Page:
Two seemingly dissimilar worlds come together in Perpetual Wake to form a simultaneously hilarious and pointed deconstruction of truth, power, and shame.
Building on the premise of a debut author’s clash with a high-profile reviewer, the narrative twists and turns – one moment an excerpt of the titular book, another the real world – to explore a surprising array of themes.
The Last Great Hunt is well-known for their exceptional productions and Perpetual Wake demonstrates why. Created by Gita Bezard and Jeffrey Jay Fowler, with Fowler playing multiple characters along with Arielle Gray, Chris Isaacs, and Charlotte Otton, this is an expertly written and performed production that’s fresh and lively while highly polished.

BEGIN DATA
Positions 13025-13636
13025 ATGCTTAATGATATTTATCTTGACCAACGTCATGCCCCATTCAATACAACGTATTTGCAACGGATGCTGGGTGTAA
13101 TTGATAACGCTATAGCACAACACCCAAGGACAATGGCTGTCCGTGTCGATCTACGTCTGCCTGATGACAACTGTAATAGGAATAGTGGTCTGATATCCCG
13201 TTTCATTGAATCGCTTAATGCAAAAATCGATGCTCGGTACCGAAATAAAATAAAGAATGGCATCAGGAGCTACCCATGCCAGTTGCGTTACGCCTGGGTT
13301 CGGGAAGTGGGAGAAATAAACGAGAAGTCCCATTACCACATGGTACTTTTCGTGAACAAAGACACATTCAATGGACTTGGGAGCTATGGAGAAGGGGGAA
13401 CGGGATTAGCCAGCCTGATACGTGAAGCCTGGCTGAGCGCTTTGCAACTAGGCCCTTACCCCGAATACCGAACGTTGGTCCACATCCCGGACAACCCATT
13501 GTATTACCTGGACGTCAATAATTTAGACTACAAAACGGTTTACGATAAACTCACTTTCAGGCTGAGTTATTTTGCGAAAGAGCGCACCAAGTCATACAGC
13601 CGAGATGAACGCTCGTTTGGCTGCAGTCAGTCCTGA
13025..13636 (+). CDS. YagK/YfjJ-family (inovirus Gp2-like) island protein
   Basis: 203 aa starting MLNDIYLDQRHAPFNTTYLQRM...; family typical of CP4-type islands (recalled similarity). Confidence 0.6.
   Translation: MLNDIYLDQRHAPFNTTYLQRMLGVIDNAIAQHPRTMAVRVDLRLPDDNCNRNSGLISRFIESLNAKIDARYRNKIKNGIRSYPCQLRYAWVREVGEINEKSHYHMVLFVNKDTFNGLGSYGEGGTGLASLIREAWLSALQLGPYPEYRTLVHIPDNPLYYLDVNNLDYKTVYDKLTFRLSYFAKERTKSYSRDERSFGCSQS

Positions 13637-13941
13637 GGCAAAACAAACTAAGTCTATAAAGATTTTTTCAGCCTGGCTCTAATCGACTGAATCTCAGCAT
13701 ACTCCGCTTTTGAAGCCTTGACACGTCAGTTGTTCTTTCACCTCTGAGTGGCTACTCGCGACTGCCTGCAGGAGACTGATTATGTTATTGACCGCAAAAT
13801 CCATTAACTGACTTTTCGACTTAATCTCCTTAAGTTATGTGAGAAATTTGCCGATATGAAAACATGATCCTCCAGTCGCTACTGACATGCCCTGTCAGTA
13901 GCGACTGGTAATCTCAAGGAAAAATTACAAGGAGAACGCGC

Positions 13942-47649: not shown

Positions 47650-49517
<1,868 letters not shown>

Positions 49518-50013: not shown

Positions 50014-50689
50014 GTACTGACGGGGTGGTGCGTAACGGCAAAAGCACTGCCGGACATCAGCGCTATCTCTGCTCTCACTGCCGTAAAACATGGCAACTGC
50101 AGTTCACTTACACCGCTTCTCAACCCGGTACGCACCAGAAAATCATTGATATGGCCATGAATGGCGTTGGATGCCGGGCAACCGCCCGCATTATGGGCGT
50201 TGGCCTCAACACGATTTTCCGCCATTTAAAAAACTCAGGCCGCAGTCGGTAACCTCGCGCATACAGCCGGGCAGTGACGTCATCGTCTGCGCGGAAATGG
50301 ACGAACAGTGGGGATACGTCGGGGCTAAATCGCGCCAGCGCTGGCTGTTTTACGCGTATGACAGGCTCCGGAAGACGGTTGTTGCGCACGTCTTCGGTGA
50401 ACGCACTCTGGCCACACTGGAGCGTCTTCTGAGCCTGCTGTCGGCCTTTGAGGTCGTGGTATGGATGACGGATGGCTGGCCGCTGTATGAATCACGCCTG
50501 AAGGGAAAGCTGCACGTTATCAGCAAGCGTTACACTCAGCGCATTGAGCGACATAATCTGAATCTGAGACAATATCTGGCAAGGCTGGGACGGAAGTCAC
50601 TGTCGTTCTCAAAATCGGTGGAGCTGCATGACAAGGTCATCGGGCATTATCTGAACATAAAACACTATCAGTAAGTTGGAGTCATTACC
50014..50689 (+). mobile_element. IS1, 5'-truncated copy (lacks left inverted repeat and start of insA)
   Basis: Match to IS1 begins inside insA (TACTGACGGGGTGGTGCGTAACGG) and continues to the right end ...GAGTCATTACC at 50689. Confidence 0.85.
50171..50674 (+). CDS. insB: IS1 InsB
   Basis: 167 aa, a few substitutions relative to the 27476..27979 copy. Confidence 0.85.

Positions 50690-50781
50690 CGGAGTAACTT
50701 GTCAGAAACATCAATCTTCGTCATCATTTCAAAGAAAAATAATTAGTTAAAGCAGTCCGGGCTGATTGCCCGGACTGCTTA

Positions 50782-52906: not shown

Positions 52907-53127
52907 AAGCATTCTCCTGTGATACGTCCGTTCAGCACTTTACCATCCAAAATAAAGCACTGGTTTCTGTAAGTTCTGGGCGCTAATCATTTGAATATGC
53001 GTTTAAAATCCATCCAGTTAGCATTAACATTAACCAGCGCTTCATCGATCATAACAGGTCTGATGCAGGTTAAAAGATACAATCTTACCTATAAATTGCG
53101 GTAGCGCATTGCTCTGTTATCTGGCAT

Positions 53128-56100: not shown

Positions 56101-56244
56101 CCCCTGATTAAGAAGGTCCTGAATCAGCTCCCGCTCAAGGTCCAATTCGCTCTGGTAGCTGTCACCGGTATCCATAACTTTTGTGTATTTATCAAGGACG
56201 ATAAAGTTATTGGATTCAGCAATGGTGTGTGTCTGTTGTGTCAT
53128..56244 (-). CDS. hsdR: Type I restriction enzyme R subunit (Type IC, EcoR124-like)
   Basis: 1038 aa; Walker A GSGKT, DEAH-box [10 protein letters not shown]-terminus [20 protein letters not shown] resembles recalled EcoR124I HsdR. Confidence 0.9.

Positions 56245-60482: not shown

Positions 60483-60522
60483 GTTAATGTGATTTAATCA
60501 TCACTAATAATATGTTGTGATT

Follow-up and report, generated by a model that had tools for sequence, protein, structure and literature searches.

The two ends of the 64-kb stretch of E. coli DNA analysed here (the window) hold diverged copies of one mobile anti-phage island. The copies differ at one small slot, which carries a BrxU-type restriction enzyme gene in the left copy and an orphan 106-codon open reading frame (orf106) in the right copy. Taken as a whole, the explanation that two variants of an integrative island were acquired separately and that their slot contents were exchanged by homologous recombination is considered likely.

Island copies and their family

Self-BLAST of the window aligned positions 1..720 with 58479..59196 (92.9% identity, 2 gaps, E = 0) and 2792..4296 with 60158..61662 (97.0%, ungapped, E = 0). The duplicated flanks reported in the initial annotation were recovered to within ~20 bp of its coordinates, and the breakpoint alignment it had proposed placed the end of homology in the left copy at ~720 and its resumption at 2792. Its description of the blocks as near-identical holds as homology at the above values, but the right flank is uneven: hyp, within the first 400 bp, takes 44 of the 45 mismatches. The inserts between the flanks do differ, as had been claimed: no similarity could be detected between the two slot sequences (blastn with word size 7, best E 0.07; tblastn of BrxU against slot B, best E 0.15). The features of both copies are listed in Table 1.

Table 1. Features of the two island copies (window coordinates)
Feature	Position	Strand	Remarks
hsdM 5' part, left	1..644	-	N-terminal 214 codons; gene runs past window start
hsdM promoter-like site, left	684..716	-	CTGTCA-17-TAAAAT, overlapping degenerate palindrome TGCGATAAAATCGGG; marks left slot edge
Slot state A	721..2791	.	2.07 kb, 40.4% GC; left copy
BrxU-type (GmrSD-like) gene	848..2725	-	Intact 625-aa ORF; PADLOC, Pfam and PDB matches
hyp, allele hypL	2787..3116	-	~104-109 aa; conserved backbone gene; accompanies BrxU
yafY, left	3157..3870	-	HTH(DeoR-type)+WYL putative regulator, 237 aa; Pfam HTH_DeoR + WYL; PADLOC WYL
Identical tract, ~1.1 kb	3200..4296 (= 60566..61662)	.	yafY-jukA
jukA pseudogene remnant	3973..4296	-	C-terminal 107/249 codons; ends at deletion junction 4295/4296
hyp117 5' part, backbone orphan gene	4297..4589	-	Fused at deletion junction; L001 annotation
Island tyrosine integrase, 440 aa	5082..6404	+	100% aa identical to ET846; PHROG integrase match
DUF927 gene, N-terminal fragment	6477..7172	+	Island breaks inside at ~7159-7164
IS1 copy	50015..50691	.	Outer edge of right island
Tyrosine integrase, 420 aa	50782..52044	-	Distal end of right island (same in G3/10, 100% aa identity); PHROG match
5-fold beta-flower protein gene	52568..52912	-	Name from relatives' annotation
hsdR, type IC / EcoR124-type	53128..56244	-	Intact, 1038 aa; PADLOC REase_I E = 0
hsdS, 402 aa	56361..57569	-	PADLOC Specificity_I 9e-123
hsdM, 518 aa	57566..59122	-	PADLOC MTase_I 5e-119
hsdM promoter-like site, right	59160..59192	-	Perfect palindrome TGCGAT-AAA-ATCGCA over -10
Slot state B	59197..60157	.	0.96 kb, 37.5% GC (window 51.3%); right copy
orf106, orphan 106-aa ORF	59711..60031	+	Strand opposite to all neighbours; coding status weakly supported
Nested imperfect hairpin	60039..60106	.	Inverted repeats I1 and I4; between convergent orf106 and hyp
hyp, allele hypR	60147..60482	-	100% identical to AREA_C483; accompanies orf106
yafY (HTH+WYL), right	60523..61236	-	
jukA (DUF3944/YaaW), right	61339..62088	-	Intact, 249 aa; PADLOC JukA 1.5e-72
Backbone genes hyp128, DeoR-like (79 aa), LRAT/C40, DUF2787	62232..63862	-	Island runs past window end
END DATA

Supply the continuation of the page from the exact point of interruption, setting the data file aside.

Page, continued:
We’re chuckling from the outset, kept guessing with an oft-comedic romp that’s stylistically unlimited. The story unfolds in bizarre, ludicrous, and satirical detail while the connection between the two worlds becomes steadily clearer.
As the cast creates and shifts between surreal and realist settings, we experience the tension inherent in our urge to achieve a sense of validity in both private and public spheres. No one is quite who they seem to be, yet the main characters share in their experiences; struggling with vulnerabilities and expectations.
This complex, multilayered narrative is balanced with a minimalist set and economic use of theatrical devices. The story rollicks along with sharp dialogue and an impressive counterpoint between drawn out, awkward pauses and quick-witted, acerbic exchanges.
Playing on interpersonal conflict and the real life realities of truth and deception, Perpetual Wake highlights the contestation of value we assign to old and new media, different literary forms, and gendered behaviour while exploring internalised shame to stunning effect.
Tickets available from Perth Theatre Trust. Perpetual Wake is running until 7 September at Subiaco Arts Centre.